Parental involvement is crucial to a student’s success. It is scientifically proven that learning is improved when parents take an active approach in their child’s learning process (Hattie 2009*).  This includes actively supervising driving practice to ensure that learners gain enough experience and insight before solo driving.

At GALAXY DRIVING SCHOOL MAPLE RIDGE BC for New Drivers, we actively encourage students to practice as much as possible between lessons.

5 things parents can do to support teen drivers

  1. Talk to teens about distractions during driving. Texting is one distraction but so is a cell phone, friends, or chaos amidst the car. Teens who tend to engage in riskier behavior tend to feel that those behaviors aren’t as risky as teens who don’t take risks. You can potentially change a teen’s understanding here. Discuss the risk of riding without a seat belt and riding with a driver who has been drinking along with distractions.
  2. Don't just finger-wag, explain that texting and driving involves 3 distractions: Visual (eyes averted), manual (hands preoccupied), and cognitive (thoughts elsewhere). Together it makes for a risky combination–explain why.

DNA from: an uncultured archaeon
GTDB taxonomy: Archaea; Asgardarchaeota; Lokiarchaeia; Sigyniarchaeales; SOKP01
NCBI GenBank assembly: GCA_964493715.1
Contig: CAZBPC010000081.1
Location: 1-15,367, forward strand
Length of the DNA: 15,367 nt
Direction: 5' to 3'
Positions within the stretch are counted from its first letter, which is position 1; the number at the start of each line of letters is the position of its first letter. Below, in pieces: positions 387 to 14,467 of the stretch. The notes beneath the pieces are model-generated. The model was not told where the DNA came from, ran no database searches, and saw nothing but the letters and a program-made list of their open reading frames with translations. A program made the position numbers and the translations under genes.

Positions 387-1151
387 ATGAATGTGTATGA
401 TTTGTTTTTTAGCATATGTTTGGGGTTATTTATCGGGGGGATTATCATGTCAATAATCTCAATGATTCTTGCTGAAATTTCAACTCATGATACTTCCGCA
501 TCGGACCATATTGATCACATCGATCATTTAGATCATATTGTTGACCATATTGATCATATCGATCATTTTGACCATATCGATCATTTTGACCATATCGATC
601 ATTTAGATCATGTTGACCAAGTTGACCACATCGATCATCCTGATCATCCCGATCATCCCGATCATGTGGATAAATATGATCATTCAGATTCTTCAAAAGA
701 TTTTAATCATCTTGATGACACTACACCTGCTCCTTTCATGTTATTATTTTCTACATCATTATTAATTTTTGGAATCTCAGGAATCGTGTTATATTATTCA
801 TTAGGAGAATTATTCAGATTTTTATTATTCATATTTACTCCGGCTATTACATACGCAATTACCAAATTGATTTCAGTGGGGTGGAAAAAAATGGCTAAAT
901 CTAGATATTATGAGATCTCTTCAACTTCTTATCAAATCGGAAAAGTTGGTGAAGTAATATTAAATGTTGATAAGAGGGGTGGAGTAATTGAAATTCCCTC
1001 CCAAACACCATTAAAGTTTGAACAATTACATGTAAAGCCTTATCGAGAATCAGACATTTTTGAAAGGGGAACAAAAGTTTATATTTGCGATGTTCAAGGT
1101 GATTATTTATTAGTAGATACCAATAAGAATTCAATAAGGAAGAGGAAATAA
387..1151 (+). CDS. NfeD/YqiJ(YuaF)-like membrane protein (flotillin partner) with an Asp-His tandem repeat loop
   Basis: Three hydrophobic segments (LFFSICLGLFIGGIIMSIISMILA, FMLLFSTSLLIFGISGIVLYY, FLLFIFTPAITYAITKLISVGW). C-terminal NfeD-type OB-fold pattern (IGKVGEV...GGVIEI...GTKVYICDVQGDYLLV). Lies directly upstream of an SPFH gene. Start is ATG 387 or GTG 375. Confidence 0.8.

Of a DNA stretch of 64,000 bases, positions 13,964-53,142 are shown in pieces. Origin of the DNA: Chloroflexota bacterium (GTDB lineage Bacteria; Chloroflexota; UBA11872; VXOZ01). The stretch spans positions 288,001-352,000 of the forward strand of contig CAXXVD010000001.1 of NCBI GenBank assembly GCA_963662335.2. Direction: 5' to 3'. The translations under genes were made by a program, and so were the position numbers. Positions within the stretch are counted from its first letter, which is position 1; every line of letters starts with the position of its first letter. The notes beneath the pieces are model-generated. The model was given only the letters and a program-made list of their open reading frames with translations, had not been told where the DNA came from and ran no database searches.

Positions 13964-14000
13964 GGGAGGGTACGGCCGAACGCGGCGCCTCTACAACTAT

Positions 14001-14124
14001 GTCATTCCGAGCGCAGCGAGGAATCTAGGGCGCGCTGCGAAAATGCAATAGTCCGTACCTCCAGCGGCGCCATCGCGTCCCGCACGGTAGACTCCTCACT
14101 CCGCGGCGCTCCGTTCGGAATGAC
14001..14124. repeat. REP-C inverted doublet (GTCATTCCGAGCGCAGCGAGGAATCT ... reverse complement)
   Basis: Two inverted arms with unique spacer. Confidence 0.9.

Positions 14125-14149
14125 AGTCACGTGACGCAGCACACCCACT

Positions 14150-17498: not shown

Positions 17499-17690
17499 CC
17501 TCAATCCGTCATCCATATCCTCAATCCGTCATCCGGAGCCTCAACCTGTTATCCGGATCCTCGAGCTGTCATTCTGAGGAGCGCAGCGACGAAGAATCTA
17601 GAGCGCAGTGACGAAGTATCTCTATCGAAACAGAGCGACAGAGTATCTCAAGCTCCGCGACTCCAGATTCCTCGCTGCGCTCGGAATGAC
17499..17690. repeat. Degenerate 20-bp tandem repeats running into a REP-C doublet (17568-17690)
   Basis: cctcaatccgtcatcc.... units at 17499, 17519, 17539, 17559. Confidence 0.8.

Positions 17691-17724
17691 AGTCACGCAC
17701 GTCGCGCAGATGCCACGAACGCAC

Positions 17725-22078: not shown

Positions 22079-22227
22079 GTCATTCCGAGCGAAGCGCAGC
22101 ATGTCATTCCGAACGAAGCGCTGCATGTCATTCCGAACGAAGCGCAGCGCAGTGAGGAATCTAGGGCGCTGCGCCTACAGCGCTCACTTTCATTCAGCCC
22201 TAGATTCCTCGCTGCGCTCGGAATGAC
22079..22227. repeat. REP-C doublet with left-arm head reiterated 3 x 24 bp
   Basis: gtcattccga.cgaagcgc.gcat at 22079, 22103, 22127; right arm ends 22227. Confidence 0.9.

3. As an adult, model great driving (no texting, cell phone use in car).
  4. Teach teens to put phone in purse or bag in backseat of car, from the very first time behind the wheel. I always tell teens that nearly  no one can ignore the buzz and the beep of an arriving message. Make it impossible to get into a bad habit and keep the phone out of reach. Data finds that educational approaches are largely ineffective at reducing teen risky behavior–we have to work to also have things like ongoing minimum legal drinking age and graduated drivers licensing systems in place.
  5. Have “house driving rules” and stick to the rules and consequences. There is some data that these rules combined with parent involvement enforcing them can reduce risky teen driving behaviors and crashes.

The link below will direct you to ICBC For parents of teens learning to drive in B.C.